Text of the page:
In the world of my head, sampler refers to one thing alone: a box of chocolates with large enough a variety it justifies a diagram showing what’s what. I’m shameless. No standards. $75 for 29 pieces at Godiva or $14.99 for a 27-piece Russell Stover set at the drug store, I want them in me. A lot. Gimme that sheet so I can find the squishy ones.
I can’t help but think needlework is irrelevant as a contemporary element, the domain of Indiana women who don’t know Jimmy Fallon is about to replace Jay Leno. I’m not entirely wrong: search Etsy for “embroidery,” and ask yourself whether the owners of some of the e-shops you find even know who Jimmy Fallon is. That said, I’m encouraged of late by a smart interpretation of the technique: white spring bags, hit head on with a full rainbow of thread embellishment–six colors all at once.
Though nodding to tradition, these pieces avoid country kitsch. On the flap of the Fendi bag in this week’s pics, individual stitches create a floral graphic much the same way individual pixels create images on a monitor. And there’s a similarity of inspiration to certain styles that don’t feature strict needlepoint. Woven leather strands lead to a lace-like crochet on the Free People tote below; colorful cross-hatching on the Jimmy Choo offsets (and possibly stands out more) than its crystals.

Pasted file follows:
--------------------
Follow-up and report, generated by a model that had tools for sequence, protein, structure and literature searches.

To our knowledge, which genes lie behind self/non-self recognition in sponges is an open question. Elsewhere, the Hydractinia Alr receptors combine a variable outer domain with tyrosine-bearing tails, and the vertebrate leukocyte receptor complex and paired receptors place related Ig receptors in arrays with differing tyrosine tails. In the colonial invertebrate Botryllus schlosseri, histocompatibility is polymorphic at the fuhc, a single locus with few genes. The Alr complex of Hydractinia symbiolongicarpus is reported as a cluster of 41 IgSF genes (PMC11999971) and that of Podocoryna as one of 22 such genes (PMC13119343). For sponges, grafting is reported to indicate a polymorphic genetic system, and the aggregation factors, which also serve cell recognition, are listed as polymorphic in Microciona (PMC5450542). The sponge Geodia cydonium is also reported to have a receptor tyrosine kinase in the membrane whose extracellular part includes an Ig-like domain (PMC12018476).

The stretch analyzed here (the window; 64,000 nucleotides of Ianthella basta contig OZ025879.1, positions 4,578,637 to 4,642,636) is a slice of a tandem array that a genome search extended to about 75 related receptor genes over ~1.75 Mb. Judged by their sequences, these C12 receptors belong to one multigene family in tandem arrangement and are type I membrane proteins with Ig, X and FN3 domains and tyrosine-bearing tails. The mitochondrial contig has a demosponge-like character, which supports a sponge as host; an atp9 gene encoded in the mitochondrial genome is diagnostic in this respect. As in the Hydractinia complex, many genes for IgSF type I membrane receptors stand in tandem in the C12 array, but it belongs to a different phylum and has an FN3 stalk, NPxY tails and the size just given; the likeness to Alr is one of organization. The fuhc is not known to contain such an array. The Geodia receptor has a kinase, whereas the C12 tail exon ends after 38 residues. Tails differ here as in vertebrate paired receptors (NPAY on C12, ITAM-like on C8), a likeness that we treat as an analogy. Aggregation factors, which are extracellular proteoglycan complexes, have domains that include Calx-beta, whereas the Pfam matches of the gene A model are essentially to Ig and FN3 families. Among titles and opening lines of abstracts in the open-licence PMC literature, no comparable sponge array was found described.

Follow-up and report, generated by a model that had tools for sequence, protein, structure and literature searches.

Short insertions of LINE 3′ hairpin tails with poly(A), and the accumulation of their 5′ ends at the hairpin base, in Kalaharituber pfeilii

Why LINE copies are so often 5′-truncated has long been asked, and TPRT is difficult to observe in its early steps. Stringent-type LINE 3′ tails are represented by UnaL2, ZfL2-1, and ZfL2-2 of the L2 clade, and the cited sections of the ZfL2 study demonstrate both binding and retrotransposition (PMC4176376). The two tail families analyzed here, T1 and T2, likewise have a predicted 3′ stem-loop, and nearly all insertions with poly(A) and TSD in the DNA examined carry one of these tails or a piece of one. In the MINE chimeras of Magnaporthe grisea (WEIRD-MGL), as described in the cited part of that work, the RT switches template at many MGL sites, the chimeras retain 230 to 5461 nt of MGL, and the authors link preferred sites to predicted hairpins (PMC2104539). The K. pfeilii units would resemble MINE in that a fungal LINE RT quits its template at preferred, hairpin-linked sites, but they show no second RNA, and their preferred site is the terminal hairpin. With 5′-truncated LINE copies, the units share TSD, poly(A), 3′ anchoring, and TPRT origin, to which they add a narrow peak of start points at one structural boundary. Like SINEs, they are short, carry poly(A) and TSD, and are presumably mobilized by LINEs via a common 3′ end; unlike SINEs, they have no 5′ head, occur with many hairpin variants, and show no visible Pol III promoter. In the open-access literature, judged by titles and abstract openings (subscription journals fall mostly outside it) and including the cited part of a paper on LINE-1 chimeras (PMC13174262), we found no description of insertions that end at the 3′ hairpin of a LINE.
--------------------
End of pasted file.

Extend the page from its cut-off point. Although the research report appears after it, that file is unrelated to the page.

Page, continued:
The common thread here is not actual thread but rather the idea that blank canvases are never truly blank. Much like the personality traits that make every human unique–those that reflect self-expression–some intricate details and emotional colors are more than just painted veneers. They’re sewn into the base from the beginning, not so easily unjoined, the core lesser if removed.
It’s a new year. Wear the intricacies and emotions of your own blank canvas proudly. But remember, we’re talking white bags; keep them away from my chocolate.